The web-site, “Catalyst,” is designed by its writers to foster female work-place participation. They report the following changes which they view as GREAT SUCCESS in their mission:
“Women are (now) nearly half the labor force. In 2018, there were 75,978,000 women aged 16 and over in the labor force, representing 46.9% of the total labor force. 57.1% of women participated in the labor force, compared to 69.1% of men.
“However, women’s labor force participation rate continues to decline. (It) peaked in 1999 at 60.0%. It is projected to be 55.4% in 2024 and 51.9% in 2060. (Could it be that the fulfillment women were seeking was simply an ephemeral adventure, evaporating in the heat of experience.) Men’s labor force participation rate has decreased since the 1940s. It is projected to be 66.1% in 2024 and 62.3% in 2060.”
These statistical forecasts do not reflect the recent surge in the labor force under the Trump Administration’s economic policy (who knows what it will be after the shutdown ends), but they do predict a long range decline for men, from almost 90% in 1900 to today’s 70%, which Catalysts seems to be fine with—the decline in women’s participation, not so much.
But from my perspective that decline is understood and expected, as more women all the time are recognizing they have been had by the great deceiver! The possibility of genuine excitement, adventure, and fulfillment in the life of today’s biblical homemaker, that I have described in the past weeks in these postings, is the result of doing what she was created specifically to do—reproduce as her husband’s helper; “Be fruitful and multiply; fill the earth and subdue it” (Genesis 1:28). Adam cannot do this part of his three-fold commission from God without her.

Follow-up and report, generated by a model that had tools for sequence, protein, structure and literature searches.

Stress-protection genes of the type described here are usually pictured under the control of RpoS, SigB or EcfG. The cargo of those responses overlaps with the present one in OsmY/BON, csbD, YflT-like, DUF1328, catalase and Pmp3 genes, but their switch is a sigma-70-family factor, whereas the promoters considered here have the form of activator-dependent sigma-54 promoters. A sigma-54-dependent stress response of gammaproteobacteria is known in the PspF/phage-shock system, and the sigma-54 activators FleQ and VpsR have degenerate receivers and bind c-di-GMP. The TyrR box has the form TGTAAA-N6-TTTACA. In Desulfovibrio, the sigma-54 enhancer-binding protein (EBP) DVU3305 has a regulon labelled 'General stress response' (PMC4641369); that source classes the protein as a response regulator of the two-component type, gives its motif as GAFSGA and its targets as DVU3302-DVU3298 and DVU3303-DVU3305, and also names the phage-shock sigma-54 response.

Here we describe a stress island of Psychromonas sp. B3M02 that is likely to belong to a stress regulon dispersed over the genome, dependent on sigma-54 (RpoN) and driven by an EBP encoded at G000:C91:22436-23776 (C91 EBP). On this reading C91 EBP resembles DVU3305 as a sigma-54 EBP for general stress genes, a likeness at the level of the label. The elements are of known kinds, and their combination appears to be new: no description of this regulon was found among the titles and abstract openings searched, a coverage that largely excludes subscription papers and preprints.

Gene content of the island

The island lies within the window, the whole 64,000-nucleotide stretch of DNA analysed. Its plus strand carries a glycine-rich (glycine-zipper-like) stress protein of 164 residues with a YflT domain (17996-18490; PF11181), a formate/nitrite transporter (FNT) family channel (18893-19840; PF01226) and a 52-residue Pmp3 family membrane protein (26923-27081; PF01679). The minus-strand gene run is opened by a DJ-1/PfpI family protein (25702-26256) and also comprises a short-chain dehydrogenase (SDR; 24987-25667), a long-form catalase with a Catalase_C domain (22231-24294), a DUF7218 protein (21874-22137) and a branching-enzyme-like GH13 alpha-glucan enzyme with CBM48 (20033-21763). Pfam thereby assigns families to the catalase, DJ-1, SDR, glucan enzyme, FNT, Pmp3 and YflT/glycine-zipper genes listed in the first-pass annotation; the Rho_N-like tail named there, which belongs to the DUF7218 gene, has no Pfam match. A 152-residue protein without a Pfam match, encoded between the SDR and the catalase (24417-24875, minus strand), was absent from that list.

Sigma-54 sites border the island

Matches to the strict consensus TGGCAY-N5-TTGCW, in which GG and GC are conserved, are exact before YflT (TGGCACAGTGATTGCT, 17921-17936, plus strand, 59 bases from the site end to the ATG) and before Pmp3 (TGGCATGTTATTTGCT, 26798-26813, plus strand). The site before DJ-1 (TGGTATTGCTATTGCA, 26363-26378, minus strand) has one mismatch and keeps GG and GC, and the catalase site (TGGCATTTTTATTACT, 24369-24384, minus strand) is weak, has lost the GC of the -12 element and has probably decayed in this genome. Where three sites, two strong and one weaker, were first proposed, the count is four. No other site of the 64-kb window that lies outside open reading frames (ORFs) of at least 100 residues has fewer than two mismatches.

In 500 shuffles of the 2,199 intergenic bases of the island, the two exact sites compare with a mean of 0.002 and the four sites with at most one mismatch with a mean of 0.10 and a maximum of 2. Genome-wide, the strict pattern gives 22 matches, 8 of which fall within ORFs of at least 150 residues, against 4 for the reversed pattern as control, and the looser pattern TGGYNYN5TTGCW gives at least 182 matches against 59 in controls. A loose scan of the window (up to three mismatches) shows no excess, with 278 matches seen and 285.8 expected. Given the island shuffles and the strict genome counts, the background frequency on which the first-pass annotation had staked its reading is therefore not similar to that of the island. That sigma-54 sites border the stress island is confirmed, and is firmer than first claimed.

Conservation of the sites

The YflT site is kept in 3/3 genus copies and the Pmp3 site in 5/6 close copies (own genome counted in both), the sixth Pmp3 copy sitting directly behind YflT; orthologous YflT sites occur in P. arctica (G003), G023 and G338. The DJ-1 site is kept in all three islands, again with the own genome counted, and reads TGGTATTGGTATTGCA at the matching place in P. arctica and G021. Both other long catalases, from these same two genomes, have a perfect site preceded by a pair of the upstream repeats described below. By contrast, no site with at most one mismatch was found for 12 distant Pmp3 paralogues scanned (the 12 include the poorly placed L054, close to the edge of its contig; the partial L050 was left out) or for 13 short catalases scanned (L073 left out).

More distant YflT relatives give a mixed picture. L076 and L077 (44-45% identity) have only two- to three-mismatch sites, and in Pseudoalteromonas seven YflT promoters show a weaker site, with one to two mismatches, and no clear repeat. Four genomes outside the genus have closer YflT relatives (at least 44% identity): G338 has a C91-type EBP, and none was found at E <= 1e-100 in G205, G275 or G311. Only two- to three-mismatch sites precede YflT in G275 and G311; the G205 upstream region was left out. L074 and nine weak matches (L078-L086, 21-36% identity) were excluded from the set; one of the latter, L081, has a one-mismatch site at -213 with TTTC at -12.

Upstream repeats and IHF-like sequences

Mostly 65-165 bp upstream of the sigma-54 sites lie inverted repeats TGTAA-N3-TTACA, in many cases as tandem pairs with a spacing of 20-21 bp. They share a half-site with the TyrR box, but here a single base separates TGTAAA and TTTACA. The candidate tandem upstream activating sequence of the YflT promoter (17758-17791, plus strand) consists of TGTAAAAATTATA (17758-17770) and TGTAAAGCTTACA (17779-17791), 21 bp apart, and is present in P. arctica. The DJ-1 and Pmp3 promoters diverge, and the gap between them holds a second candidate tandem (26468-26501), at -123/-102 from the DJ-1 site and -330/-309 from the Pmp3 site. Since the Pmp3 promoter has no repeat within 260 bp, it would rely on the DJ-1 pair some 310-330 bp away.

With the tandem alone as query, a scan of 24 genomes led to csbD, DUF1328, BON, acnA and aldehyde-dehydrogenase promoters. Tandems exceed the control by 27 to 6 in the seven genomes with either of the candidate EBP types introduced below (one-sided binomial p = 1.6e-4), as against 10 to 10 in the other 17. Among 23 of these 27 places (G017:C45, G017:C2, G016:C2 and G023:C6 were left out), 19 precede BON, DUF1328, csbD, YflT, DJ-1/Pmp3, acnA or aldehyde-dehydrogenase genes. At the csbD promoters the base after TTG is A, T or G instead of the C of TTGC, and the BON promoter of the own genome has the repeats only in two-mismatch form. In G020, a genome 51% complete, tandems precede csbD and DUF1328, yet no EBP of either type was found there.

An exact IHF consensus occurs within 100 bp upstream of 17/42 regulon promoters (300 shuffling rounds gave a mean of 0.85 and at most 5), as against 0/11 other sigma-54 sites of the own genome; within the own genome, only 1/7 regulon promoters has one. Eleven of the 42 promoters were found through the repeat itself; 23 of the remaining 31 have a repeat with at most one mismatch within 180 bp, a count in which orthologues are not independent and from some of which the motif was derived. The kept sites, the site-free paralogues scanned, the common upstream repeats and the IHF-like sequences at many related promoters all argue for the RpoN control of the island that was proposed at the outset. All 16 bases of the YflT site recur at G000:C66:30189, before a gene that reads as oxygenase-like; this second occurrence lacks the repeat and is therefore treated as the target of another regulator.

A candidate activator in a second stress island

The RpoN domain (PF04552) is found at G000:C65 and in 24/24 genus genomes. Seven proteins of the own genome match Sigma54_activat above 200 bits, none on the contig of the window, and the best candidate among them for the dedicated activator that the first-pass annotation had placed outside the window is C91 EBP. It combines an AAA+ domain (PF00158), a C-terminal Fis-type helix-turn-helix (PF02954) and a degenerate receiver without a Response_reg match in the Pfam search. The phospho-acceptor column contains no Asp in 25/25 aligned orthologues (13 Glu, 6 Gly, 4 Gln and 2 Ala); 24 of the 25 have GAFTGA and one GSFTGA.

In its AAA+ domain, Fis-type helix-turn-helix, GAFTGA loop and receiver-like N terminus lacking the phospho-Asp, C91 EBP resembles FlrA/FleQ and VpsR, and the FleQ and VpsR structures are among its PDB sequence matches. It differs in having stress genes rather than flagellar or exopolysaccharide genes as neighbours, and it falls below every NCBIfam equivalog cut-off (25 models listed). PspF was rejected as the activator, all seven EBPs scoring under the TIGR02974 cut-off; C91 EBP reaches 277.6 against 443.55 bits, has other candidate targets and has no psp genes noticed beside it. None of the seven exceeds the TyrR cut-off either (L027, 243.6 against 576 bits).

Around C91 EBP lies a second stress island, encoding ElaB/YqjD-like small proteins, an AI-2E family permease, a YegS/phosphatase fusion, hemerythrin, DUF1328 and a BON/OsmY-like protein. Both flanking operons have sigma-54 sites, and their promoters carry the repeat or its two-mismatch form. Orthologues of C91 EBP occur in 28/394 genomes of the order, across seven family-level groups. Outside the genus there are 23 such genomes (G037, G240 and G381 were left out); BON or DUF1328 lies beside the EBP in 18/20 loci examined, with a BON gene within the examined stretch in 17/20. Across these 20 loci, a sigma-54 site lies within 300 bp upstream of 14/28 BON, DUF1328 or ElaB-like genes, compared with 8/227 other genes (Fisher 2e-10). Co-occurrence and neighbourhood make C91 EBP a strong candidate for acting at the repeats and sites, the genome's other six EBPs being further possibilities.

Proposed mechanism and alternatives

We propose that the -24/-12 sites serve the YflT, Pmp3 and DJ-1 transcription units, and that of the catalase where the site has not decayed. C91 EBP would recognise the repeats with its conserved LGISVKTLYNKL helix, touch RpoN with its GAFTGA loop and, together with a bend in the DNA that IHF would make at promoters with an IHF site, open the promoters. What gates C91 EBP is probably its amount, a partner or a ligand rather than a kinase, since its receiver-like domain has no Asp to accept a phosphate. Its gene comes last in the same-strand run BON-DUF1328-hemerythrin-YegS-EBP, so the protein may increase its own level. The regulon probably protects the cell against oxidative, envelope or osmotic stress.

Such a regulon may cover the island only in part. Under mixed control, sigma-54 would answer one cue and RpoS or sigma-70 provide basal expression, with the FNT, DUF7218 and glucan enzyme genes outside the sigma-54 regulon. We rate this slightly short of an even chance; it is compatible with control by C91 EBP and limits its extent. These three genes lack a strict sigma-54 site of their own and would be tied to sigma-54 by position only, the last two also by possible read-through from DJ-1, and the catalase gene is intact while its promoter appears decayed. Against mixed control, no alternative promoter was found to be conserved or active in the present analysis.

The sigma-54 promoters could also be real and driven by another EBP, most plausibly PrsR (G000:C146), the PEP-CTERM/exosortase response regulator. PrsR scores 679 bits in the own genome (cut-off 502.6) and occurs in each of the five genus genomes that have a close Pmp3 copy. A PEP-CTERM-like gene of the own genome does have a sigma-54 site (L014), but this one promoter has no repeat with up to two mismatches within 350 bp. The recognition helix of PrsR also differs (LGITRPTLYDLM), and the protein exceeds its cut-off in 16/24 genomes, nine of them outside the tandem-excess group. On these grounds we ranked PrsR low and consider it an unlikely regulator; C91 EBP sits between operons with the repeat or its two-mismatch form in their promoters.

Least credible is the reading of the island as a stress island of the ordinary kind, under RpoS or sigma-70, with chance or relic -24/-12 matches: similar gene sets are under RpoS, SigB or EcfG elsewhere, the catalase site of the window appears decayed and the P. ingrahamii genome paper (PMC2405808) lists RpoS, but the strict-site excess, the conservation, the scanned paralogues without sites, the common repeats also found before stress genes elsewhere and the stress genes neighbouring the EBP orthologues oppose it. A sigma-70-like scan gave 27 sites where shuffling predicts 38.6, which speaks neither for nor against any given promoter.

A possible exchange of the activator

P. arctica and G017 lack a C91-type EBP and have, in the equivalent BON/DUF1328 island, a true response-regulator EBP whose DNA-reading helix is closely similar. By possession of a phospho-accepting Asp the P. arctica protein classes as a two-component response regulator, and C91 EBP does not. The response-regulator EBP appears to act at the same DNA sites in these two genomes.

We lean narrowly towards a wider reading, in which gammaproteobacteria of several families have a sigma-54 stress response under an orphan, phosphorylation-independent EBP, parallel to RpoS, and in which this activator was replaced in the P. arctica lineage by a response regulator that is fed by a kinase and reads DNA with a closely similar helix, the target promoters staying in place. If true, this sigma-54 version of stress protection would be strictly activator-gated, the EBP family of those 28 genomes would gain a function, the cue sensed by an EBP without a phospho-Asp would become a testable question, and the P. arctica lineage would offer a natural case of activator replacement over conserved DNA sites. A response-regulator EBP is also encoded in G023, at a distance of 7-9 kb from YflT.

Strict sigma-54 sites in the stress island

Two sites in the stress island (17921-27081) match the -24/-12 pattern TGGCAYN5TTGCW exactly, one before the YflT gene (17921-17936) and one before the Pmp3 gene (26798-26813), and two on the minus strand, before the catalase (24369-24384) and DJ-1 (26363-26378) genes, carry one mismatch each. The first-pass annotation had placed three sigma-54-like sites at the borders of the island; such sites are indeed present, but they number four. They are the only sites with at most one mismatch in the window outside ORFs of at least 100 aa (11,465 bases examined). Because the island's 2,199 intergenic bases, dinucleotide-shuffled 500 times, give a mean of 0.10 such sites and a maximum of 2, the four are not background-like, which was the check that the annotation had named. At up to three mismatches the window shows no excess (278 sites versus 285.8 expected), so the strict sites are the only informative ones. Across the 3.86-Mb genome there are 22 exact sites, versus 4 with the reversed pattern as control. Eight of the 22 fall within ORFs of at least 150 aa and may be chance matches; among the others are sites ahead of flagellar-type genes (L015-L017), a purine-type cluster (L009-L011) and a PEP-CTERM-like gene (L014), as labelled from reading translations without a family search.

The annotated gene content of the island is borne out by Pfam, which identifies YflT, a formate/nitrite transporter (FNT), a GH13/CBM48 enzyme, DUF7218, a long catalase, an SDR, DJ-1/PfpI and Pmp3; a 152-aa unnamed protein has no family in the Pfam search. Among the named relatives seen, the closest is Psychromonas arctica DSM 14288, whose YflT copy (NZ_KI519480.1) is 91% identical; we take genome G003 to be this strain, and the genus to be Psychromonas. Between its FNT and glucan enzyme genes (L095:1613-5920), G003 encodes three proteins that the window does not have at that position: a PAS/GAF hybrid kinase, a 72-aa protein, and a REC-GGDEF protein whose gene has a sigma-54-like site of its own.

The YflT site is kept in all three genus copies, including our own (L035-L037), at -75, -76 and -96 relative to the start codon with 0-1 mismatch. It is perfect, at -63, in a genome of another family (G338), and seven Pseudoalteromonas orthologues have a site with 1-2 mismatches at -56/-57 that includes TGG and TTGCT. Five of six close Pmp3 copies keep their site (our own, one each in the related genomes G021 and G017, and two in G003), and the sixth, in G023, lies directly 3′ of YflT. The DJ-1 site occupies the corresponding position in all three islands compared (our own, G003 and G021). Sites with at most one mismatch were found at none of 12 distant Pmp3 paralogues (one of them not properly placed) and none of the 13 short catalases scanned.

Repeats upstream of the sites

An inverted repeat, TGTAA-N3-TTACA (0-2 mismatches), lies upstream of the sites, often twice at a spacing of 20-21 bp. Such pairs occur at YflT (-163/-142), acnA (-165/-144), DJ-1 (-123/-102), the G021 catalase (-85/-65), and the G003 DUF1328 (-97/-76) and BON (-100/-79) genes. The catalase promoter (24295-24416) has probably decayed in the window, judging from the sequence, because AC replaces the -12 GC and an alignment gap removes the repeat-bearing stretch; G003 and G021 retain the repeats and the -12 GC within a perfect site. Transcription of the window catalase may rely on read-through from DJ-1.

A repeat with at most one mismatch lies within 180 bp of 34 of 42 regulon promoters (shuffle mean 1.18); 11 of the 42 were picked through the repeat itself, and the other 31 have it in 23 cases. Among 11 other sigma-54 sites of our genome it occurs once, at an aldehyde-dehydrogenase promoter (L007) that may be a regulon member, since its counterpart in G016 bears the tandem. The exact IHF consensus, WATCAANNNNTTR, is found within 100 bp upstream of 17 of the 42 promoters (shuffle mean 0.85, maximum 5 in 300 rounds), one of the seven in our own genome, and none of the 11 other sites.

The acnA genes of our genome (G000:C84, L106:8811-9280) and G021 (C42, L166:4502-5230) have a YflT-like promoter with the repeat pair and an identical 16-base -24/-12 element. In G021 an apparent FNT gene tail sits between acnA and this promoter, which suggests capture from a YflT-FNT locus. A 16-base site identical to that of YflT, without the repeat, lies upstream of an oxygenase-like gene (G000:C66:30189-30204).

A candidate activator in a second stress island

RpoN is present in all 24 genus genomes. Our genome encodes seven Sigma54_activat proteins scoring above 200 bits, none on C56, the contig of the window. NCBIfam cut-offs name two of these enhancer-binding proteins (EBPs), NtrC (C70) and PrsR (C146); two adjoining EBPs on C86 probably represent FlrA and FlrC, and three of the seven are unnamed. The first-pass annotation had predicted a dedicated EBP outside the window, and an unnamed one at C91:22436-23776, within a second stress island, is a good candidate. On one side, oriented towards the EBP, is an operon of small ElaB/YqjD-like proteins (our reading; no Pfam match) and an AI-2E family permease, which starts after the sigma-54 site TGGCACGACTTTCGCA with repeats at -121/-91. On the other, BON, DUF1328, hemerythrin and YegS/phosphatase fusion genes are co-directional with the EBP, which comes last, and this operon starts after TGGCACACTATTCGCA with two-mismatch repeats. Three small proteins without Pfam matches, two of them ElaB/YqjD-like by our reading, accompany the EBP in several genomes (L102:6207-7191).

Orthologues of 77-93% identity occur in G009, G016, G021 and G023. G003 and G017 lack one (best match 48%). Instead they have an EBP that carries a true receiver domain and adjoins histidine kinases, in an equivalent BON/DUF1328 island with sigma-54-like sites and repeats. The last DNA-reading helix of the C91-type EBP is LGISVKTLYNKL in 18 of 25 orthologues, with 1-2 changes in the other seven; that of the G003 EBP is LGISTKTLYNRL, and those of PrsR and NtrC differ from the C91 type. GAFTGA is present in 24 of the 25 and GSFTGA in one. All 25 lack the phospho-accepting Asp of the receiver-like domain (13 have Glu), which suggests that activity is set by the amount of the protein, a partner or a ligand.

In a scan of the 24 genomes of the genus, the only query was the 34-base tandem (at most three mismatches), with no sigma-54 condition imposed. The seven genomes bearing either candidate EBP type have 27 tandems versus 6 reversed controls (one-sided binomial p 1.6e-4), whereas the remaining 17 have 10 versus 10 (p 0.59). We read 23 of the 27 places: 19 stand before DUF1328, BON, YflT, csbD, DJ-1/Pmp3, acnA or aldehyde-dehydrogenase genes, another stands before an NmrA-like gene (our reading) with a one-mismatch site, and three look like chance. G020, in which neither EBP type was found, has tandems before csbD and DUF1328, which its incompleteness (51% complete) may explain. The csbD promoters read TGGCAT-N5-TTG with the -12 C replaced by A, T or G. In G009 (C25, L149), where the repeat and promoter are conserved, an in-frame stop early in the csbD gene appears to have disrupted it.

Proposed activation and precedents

Satan has deceived women by focusing attention on the individual tasks of being a homemaker without the overall vision of the framework in which they fit. This is like a carpenter trying to build a house without a blueprint. He can saw boards and hammer nails very well; he can both frame and finish, even roof and install siding with masterful skill, but without a plan, and the ability to read that plan, the result will be very questionable, no matter how talented the carpenter.
The blueprint, the master plan, is the kingdom of God. Unless the homemaker can read the plan, and see how her calling fits into the kingdom, she is simply grinding out obediently a series of rather difficult, sometimes boring, tasks. She is focusing on the individual trees and missing the beautiful, evergreen forest. She will miss the peace and joy that accompanies life lived self-consciously in light of the kingdom of God (Romans 14:17).
Let me conclude with an example I have used before. It is perfect for this week’s posting. Two laborers were working side-by-side, diligently digging a ditch. The first man was grumbling unhappily, and looking at his watch every five minutes, while the second man, with a smile on his face, was singing joyfully to himself as he worked.
“What are you men doing?” a passer-by asked, noticing the strikingly different demeanor of the two men. “I’m just digging a ditch,” muttered the first man. The second man looked up, his face beaming. “I’m building a cathedral!”
What are you doing today? Are you just wiping noses, sweeping floors, washing clothes, and cooking meals, or are you building the kingdom of God, a cathedral made of living stones where God in all His fullness comes to dwell. That is your calling as a woman of God.